Quick Active Recall SRS Cards

I would firstly like to offer a brief apology to anyone who bored by my “does what it says on the tin” approach to post titling.  Guess I’m just not feeling too imaginative at the moment?

Anyway, today is host to another “throwing out half-baked ideas without bothering to try them first” session.  The problem?  Active recall is necessary for meaningful L2 communication, but creating SRS cards to test active recall takes longer than creating passive recall ones.  The solution(s)?  Hmm…

Scenario-Based Testing (SBT)

This is something I started to dabble with a long time ago – your SRS card has a scenario in L2 on the question side and the answer is anything you like, so long as you’re fairly sure it’s grammatical.  Par example:

Q: “There’s a fat-ass roach in the bathroom”

A: “Holy crap! killitkillitkillitkillitkillit!”

Comments:

  • No corrective feedback (i.e. if it’s wrong no-one’s gonna tell you)
  • Although the scenario is repeated at optimal intervals, your answers are unlikely to be the same each time, thereby partially defeating the point of spaced repetition
  • Even though writing the questions in the first place in L2 is good practice, you need to check with a native first
  • The testable material isn’t easily controlled (sometimes the production words will unavoidably crop up in the question)
  • Takes a long time to set up per card for a non-native speaker.

Grammar-Guided Scenario-Based (GGSB)

This is broadly the same as the above card model, except that each card includes EITHER an unrelated grammar example sentence OR the name of that grammar point on the question side as well.  The challenge is to create an answer to the question that follows that grammatical pattern.  For example:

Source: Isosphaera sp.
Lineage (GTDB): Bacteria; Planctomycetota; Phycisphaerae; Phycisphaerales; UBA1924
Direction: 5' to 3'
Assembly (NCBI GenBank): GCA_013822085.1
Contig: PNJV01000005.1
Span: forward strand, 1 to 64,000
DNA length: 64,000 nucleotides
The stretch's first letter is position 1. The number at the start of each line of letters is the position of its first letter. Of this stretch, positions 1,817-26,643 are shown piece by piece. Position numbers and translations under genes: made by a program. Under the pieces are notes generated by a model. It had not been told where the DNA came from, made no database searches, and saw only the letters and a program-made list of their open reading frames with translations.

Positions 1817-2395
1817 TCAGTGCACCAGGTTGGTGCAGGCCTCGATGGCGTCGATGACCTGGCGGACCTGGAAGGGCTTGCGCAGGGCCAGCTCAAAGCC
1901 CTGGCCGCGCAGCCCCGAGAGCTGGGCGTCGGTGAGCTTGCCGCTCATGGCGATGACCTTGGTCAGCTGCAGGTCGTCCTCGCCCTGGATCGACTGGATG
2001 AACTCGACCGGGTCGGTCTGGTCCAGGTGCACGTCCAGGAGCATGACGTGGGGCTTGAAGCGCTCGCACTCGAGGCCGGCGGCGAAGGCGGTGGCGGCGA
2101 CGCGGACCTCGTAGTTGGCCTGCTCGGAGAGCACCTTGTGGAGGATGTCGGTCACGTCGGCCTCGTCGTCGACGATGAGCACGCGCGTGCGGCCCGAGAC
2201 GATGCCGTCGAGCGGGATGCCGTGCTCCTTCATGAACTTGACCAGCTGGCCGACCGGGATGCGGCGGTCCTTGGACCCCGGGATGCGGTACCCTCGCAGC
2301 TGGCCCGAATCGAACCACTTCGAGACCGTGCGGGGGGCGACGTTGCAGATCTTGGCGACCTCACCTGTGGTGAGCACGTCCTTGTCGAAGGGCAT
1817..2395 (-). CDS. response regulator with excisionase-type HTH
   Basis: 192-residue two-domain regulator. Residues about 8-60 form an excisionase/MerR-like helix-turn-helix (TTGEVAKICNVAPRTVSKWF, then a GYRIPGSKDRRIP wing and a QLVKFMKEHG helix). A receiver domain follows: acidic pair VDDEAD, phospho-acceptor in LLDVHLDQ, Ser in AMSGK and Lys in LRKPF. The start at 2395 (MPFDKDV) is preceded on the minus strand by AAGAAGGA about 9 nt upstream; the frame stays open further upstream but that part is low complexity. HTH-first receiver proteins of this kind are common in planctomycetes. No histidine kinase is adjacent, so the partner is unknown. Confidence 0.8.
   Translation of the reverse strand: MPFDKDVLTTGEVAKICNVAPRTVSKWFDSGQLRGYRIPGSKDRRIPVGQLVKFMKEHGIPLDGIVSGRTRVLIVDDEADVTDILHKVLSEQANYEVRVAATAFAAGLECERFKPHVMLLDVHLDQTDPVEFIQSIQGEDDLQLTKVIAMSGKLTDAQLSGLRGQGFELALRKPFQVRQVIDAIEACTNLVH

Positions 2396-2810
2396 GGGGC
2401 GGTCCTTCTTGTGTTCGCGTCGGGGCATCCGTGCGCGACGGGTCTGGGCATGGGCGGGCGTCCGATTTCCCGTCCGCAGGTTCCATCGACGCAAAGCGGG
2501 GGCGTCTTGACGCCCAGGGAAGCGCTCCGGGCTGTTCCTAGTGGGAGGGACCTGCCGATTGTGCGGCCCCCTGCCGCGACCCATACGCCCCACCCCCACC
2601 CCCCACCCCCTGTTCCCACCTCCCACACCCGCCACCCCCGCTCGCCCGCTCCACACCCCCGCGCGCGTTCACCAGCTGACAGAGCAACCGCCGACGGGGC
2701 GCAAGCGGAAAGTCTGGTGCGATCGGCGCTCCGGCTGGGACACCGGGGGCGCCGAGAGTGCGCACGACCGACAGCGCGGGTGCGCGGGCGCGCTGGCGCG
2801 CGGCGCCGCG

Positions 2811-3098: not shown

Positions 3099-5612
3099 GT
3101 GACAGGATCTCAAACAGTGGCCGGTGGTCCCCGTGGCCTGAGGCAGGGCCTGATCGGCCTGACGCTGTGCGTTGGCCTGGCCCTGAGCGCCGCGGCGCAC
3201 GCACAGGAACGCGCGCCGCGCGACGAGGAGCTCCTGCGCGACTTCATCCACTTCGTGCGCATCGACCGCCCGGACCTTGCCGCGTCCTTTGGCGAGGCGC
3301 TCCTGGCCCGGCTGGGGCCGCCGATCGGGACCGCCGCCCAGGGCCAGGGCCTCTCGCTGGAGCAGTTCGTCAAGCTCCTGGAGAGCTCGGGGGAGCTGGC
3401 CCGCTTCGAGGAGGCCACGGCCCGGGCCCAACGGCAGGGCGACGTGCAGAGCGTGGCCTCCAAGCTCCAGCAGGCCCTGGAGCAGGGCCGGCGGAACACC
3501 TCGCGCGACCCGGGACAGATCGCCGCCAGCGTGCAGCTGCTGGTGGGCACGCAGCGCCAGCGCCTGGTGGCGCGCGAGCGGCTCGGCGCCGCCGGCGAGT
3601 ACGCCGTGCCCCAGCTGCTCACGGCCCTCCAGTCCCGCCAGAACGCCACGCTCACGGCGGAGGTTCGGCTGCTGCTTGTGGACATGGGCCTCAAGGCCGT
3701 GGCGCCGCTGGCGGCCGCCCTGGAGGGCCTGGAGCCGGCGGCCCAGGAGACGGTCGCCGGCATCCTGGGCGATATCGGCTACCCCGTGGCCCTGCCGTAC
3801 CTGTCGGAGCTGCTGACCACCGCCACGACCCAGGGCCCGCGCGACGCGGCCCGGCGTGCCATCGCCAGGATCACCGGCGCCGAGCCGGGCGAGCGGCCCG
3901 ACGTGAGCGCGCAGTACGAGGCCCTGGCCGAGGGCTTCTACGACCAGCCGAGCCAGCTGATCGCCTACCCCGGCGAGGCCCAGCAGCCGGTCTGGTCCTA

Q: “There’s a fat-ass roach in the bathroom”/present continuous

A: “I’m killing it as fast as I can!”

Comments:

  • Harder to get wrong than SBT
  • Less variety in answers possible than SBT so more worthwhile to apply spaced repetition
  • Still takes ages to set up each card
  • Testable material still isn’t easily controlled

Word-Based Testing (WBT)

Two variants on this:

  1. Be presented with L1 and translate into L2 (waste of time with languages as dissimilar and English and Chinese/Japanese so we’ll ignore it)
  2. Let the question-side contain one or two words (e.g. dog and loudly) and come up with a sentence orally using those words.

Comments

  • Very quick to set up
  • Usefully tests vocabulary recognition and sentence production
  • No corrective feedback
  • Unfocussed – answers each time are likely to be very different

Grammar Guided Word-Based (GGWB)

In this model, the question side includes a word or two (e.g. fish and swim) and a grammatical pattern/label.  The challenge is to create a sentence using said word(s) and grammatical pattern.

Comments:

  • Useful practice of converting words into sentences
  • Hard to screw up grammar if there’s an example or twain to compare with sitting right there
  • Good way of focussing on particular grammar points
  • No corrective feedback on collocative language
  • Reasonably fast to set up (esp. if you reuse the grammar example sentence(s) a  few times)

And they all lived happily ever after…

So there you have it.  One man’s 30-minute private brainstorming session. 

There’s an underlying problem in each of these that there’s no obvious consistent way of scoring cards.  Nonetheless, I think I’m going to go away and have a crack at the last one (Grammar Guided Word-Based) since I have no heart (冇心機) to make lots of cloze cards at the moment.  Other suggestions/directions/tales of pre-extant attempts are as ever, most welcome. 😀

P.S. I am well aware that you could ditch the SRS for practicing active recall and just talk/write to people, but that’s not really the point of this experiment…

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3 thoughts on “Quick Active Recall SRS Cards

  1. Pingback: Dear Mr. Heisig… « Thousand Mile Journey

  2. Pingback: Active Recall Flashcards (They Really Work!) « Thousand Mile Journey

  3. Pingback: Which is the best kind of SRS card to use? « Thousand Mile Journey

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